Murthy Success Story: EB1 / EA Approval for Conductor of Music

At the Murthy Law Firm, we receive many inquiries from individuals who wish to file cases in the EB1, Extraordinary Ability (EA), category. EA approval has always been difficult to obtain and current adjudication trends have made this increasingly so. An applicant must establish being in the top few percent of his/her particular field, under subjective adjudication standards. The recent success shared here is of an EB1 approval for an EA case for a foreign national in an artistic field – a conductor. We appreciate the generosity of our client for allowing her experience to be shared with MurthyDotCom and MurthyBulletin readers. The information of any client is kept confidential and none is shared without explicit, written permission.

The EB1 Extraordinary Ability Category

The EA category is restrictive. It is appropriate for individuals with extraordinary ability in the sciences, arts, education, business, or athletics. The qualifications must be demonstrated by sustained national or international acclaim. There must be extensive documentation of the recognition of achievements in the particular field. One of the issues faced by those trying to establish extraordinary ability in the arts is that evidence of their talent can be difficult to quantify. Success as a scientist or researcher may be proven with tangible evidence, such as publications, citations, and utilization of their contributions in research. It can be more difficult to show proof of success in an artistic endeavor.

Initial Filing of the Extraordinary Ability Petition

The legal team at the Murthy Law Firm worked with our client to obtain the evidence needed to support her extraordinary role within her field. We prepared the initial EA petition for submission to the U.S. Citizenship and Immigration Services (USCIS). This petition highlighted her outstanding artistic achievements and her international acclaim in the field of conducting. The evidence included documentation of her having received various awards and the numerous mentions and reviews of her concerts by the mass media. This media attention included prestigious publications such as The New York Times and The Washington Post.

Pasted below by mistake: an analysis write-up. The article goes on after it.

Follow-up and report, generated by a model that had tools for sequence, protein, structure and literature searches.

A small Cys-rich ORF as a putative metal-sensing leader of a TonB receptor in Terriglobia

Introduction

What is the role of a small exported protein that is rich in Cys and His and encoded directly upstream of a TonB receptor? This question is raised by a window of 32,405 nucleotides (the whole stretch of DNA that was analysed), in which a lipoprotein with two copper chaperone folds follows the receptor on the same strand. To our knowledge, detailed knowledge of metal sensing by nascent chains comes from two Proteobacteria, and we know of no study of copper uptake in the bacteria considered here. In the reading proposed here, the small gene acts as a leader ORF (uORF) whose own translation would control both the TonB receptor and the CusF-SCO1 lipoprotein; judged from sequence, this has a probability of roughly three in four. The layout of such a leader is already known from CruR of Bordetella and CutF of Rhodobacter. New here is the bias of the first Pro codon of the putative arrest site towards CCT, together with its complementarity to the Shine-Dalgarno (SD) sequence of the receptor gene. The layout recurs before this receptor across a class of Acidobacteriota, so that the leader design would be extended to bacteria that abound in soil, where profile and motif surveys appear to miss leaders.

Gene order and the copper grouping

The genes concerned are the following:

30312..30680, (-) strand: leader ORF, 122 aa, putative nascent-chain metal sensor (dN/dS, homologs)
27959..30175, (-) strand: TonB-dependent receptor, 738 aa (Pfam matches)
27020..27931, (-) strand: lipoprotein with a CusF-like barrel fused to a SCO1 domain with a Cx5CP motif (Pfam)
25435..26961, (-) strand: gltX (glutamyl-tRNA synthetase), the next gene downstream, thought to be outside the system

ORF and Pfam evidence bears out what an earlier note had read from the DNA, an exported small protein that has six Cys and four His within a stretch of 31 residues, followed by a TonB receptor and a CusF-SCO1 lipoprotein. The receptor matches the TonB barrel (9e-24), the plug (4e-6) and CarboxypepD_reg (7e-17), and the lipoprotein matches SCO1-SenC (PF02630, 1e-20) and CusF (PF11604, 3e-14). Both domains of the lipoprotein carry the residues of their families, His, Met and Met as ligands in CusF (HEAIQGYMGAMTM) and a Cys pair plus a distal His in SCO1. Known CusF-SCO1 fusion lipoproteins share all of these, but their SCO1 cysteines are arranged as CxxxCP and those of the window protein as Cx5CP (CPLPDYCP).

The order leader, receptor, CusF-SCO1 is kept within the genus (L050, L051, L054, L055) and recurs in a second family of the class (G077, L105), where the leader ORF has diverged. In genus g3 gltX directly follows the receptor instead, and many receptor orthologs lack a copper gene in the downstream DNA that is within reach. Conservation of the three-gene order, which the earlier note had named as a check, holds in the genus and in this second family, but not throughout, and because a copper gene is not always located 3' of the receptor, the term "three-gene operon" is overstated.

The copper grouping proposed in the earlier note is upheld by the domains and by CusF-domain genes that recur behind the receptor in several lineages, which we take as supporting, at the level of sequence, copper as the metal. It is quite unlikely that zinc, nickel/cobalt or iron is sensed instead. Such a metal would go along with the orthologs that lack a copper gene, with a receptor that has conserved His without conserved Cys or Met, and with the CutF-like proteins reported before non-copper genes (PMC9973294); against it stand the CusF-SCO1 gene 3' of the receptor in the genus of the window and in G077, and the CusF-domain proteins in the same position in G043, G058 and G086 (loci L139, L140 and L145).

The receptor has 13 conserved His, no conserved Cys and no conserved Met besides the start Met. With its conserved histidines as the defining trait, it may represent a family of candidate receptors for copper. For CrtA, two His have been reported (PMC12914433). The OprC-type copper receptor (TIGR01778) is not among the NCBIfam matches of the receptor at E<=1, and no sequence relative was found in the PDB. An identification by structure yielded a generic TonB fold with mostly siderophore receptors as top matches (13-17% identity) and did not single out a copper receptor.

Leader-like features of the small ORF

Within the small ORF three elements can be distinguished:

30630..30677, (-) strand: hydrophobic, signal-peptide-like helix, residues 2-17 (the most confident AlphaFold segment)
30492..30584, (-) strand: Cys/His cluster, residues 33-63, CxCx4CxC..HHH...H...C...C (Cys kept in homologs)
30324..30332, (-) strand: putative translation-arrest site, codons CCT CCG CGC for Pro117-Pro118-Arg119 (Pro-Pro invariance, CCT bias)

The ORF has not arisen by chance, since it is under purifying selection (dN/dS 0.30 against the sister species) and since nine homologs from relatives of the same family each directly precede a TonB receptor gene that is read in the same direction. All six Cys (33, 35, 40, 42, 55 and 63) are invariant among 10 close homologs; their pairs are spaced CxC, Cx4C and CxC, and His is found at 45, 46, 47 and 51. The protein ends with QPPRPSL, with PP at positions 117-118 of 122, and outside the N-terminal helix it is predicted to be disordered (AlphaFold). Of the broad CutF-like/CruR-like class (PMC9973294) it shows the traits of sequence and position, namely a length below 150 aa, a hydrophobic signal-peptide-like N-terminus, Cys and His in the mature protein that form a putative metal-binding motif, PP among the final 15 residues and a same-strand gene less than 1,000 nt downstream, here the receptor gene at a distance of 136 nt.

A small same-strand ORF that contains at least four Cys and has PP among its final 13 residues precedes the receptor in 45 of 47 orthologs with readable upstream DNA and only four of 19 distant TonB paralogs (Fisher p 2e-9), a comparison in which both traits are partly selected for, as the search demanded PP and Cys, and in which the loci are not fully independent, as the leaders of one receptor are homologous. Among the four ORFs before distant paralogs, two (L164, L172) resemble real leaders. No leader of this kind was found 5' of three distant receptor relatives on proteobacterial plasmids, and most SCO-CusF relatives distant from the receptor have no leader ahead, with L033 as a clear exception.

Also highlighted were her extensive credentials and work in her field. This work included conducting at highly select venues, as well as for internationally renowned orchestras. We emphasized the leading and critical role she plays in her current position as a conductor for an internationally renowned orchestra. Her significance in her field was put into context by strongly-worded reference letters from appropriate individuals recognized as music experts.

Receipt of an RFE

Notwithstanding the strong initial filing, the USCIS had unresolved questions about the applicant’s qualifications for the EB1 category. A request for evidence (RFE) was issued, which stated that the petition and supporting evidence had not yet established eligibility for this “very restrictive visa classification.”